15. Targeting Mycobacterium tuberculosis topoisomerase I by small-molecule inhibitors.

    Science.gov (United States)

    Godbole, Adwait Anand; Ahmed, Wareed; Bhat, Rajeshwari Subray; Bradley, Erin K; Ekins, Sean; Nagaraja, Valakunja

    2015-03-01

    We describe inhibition of Mycobacterium tuberculosis topoisomerase I (MttopoI), an essential mycobacterial enzyme, by two related compounds, imipramine and norclomipramine, of which imipramine is clinically used as an antidepressant. These molecules showed growth inhibition of both Mycobacterium smegmatis and M. tuberculosis cells. The mechanism of action of these two molecules was investigated by analyzing the individual steps of the topoisomerase I (topoI) reaction cycle. The compounds stimulated cleavage, thereby perturbing the cleavage-religation equilibrium. Consequently, these molecules inhibited the growth of the cells overexpressing topoI at a low MIC. Docking of the molecules on the MttopoI model suggested that they bind near the metal binding site of the enzyme. The DNA relaxation activity of the metal binding mutants harboring mutations in the DxDxE motif was differentially affected by the molecules, suggesting that the metal coordinating residues contribute to the interaction of the enzyme with the drug. Taken together, the results highlight the potential of these small molecules, which poison the M. tuberculosis and M. smegmatis topoisomerase I, as leads for the development of improved molecules to combat mycobacterial infections. Moreover, targeting metal coordination in topoisomerases might be a general strategy to develop new lead molecules.

  16. Phase I pharmacokinetic and pharmacodynamic study of triciribine phosphate monohydrate, a small-molecule inhibitor of AKT phosphorylation, in adult subjects with solid tumors containing activated AKT.

    Science.gov (United States)

    Garrett, Christopher R; Coppola, Domenico; Wenham, Robert M; Cubitt, Christopher L; Neuger, Anthony M; Frost, Timothy J; Lush, Richard M; Sullivan, Daniel M; Cheng, Jin Q; Sebti, Saïd M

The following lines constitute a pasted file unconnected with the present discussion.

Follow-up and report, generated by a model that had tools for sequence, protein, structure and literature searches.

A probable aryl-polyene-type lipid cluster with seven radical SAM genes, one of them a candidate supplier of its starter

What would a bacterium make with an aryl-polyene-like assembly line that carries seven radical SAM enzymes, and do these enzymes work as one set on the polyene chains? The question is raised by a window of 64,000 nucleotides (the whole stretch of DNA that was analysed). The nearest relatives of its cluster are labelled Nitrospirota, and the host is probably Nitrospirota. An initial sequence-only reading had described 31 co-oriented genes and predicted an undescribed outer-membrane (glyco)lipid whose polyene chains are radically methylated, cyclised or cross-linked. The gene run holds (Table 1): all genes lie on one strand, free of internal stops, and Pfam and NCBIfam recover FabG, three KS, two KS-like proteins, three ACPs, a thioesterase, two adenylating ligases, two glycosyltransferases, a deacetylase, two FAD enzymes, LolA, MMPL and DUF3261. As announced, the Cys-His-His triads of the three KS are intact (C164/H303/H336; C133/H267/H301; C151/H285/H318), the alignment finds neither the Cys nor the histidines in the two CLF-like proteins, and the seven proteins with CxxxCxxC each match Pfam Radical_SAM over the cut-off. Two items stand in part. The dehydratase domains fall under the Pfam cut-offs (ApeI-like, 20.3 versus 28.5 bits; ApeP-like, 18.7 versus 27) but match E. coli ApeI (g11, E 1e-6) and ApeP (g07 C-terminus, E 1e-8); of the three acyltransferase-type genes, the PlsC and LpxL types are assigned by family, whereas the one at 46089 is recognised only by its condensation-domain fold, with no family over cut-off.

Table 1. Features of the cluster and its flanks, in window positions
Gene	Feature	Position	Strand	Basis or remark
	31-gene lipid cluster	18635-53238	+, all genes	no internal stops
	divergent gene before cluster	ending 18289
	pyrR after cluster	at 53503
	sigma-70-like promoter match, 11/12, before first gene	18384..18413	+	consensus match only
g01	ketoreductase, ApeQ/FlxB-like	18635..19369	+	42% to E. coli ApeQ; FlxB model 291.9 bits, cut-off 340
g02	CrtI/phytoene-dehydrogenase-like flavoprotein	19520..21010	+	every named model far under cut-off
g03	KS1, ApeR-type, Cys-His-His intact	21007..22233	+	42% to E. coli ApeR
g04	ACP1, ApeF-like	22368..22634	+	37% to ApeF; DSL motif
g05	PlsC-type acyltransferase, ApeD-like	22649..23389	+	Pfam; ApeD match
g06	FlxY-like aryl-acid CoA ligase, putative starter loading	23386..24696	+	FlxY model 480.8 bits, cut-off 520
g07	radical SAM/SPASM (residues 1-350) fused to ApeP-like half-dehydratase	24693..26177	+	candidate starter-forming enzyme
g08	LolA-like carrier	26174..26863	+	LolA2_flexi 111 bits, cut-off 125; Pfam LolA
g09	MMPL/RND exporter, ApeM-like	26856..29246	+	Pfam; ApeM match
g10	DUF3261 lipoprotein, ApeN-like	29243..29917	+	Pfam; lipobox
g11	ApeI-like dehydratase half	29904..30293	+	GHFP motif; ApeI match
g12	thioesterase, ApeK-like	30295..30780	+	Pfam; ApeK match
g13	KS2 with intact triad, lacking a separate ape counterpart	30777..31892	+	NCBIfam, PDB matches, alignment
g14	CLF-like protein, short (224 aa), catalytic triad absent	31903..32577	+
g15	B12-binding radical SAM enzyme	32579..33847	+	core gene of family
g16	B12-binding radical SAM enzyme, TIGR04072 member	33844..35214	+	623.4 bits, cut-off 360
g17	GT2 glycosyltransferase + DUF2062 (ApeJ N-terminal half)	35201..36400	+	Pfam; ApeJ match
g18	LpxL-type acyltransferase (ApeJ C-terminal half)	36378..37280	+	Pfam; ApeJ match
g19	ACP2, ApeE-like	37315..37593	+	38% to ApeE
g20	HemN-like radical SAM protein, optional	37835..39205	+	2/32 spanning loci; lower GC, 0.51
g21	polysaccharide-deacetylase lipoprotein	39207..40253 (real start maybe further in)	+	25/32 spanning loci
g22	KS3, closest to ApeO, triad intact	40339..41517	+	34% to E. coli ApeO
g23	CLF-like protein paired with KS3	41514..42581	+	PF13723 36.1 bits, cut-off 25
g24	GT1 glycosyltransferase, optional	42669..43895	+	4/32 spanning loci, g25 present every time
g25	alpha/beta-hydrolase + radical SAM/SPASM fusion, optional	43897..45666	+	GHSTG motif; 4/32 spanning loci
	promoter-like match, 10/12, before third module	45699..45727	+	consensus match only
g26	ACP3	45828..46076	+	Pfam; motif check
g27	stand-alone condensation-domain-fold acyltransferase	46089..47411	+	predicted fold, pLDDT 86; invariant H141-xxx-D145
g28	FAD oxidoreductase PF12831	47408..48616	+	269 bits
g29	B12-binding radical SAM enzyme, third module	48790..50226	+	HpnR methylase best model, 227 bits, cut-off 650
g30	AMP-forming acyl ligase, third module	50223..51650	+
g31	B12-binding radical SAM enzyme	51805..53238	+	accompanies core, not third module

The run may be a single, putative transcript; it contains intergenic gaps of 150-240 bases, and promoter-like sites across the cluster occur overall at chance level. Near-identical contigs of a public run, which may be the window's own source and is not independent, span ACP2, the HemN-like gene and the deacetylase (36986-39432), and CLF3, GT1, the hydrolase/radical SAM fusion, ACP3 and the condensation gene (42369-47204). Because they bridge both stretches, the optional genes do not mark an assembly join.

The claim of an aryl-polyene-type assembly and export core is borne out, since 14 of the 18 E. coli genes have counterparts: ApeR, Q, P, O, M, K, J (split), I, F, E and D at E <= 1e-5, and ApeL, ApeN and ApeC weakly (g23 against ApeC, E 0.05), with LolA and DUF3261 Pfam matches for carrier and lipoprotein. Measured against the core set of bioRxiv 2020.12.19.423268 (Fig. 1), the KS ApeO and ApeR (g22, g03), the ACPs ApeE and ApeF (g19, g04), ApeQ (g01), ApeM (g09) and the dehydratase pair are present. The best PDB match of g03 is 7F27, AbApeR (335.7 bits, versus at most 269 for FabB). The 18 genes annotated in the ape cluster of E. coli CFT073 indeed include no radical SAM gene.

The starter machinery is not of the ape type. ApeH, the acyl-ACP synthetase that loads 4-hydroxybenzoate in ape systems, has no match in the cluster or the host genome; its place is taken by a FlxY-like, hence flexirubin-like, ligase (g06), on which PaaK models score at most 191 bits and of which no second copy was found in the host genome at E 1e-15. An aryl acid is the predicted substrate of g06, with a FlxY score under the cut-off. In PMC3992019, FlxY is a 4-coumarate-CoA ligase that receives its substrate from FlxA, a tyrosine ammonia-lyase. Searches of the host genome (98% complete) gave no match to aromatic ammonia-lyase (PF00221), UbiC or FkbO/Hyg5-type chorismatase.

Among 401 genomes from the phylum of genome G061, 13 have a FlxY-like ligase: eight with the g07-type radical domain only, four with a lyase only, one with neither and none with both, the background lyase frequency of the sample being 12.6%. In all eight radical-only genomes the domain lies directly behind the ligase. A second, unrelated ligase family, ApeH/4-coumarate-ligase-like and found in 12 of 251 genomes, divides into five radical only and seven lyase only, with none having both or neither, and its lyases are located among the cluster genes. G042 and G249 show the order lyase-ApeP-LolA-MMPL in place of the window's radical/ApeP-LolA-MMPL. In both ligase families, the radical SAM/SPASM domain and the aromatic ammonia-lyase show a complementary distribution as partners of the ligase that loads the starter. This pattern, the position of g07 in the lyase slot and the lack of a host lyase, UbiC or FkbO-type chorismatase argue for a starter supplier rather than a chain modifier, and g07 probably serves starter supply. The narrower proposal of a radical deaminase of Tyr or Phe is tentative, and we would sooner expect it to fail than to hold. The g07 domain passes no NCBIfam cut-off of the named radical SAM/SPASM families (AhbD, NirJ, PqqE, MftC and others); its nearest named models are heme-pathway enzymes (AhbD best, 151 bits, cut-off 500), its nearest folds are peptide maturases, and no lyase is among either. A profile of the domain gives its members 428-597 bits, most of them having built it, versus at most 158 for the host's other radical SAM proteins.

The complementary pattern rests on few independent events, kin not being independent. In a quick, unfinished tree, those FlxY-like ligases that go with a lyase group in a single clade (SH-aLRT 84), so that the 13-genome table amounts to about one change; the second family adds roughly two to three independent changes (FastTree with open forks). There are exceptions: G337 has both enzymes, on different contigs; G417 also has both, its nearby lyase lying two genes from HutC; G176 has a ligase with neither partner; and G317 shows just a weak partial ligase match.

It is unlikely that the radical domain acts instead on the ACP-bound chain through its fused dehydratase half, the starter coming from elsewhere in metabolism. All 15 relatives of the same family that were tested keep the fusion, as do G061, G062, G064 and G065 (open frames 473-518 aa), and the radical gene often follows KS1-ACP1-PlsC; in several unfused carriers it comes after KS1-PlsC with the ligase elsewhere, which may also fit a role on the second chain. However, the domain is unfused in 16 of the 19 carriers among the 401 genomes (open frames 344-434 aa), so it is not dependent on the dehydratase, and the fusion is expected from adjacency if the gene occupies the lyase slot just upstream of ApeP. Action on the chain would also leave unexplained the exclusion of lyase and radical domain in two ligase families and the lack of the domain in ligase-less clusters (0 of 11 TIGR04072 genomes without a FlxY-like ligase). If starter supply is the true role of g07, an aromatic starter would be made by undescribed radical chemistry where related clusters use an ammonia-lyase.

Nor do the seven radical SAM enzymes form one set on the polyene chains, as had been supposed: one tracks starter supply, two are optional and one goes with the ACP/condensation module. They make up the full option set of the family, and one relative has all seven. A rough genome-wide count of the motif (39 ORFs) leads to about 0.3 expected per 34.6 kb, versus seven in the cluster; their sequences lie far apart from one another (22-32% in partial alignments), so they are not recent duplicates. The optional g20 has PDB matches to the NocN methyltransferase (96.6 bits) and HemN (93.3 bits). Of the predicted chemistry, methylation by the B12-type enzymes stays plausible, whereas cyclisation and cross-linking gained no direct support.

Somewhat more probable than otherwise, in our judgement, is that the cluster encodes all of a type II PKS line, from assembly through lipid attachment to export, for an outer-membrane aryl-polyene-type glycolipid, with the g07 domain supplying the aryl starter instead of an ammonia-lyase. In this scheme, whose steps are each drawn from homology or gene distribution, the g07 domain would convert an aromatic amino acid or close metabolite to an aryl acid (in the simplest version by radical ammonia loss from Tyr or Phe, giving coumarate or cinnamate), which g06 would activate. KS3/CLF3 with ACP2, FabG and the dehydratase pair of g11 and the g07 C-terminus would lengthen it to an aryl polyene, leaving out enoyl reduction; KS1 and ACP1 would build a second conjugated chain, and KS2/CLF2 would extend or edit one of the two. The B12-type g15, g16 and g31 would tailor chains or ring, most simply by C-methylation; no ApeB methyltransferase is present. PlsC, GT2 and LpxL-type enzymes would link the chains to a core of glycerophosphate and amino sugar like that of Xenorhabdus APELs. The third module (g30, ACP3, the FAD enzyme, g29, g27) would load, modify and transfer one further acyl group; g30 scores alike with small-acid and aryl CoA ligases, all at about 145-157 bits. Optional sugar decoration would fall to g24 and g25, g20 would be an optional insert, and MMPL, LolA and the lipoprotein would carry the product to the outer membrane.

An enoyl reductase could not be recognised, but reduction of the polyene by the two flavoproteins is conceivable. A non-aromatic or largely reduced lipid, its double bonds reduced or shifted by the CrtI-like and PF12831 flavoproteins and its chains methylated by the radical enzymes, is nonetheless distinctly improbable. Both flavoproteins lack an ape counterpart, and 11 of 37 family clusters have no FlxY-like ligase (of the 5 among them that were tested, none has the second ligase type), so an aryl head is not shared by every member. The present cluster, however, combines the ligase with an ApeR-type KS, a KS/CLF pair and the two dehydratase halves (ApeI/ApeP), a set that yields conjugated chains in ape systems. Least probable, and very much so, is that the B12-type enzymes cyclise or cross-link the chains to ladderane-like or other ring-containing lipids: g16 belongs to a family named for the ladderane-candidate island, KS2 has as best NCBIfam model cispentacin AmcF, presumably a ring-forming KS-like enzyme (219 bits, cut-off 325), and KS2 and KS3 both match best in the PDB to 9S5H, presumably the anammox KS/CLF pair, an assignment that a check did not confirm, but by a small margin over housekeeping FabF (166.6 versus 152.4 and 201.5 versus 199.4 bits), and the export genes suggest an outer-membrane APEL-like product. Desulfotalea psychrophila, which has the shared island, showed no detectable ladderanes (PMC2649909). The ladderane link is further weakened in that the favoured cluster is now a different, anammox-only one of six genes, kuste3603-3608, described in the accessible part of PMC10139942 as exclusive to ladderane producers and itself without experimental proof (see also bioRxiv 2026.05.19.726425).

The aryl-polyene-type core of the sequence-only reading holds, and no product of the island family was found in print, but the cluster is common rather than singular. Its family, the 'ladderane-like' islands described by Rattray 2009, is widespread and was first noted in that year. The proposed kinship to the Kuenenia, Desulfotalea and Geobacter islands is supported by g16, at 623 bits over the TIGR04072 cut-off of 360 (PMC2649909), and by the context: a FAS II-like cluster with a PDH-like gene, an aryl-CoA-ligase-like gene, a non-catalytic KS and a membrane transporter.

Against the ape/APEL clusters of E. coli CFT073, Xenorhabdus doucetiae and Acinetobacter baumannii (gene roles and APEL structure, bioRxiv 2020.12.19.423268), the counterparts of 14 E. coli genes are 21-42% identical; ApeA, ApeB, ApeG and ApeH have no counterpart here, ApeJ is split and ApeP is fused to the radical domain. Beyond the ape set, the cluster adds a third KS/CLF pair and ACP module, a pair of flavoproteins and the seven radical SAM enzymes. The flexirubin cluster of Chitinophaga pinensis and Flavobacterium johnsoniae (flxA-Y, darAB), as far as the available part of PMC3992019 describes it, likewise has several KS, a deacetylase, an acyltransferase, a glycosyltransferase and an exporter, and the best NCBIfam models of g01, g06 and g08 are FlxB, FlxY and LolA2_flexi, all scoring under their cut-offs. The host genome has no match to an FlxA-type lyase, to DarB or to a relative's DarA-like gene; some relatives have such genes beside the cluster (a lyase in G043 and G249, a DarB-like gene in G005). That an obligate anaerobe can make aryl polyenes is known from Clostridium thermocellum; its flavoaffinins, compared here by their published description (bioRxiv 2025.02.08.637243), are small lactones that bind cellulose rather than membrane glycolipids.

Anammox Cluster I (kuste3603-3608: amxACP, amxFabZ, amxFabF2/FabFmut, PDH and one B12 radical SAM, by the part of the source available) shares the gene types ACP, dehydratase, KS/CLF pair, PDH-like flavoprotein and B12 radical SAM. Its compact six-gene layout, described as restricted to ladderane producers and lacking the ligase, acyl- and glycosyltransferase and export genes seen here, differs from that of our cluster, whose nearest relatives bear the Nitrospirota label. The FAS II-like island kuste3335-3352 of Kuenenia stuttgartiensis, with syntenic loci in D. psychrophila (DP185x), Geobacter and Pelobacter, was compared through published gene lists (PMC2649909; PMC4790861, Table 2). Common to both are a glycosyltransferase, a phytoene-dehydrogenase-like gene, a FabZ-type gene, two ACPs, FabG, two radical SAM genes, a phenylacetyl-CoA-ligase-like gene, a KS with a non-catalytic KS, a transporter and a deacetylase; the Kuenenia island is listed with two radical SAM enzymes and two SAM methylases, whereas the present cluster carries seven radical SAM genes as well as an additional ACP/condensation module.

2011-12-01

    Triciribine phosphate is a potent, small-molecule inhibitor of activation of all three isoforms of AKT in vitro. AKT is an intracellular protein that, when activated, leads to cellular division; it is dysregulated in a large number of malignancies, and constitutively activating AKT mutations are present in a minority of cancers. In this phase I study triciribine phosphate monohydrate (TCN-PM) was administered to subjects whose tumors displayed evidence of increased AKT phosphorylation (p-AKT) as measured by immunohistochemical analysis (IHC). TCN-PM was administered over 30 min on days 1, 8 and 15 of a 28-day cycle. Tumor biopsy specimens, collected before treatment and on day +15, were assessed for p-AKT by IHC and western blot analyses. Nineteen subjects were enrolled; 13 received at least one cycle of therapy, and a total of 34 complete cycles were delivered. One subject was treated at the 45 mg/m(2) dose before the study was closed due to its primary objective having been met. No dose-limiting toxic effects were observed. Modest decreases in tumor p-AKT following therapy with TCN-PM were observed at the 35 mg/m(2) and 45 mg/m(2) dose levels, although definitive conclusions were limited by the small sample size. These preliminary data suggest that treatment with TCN-PM inhibits tumor p-AKT at doses that were tolerable. Although single agent activity was not observed in this enriched population, further combination studies of TCN-PM with other signal transduction pathway inhibitors in solid tumors is warranted.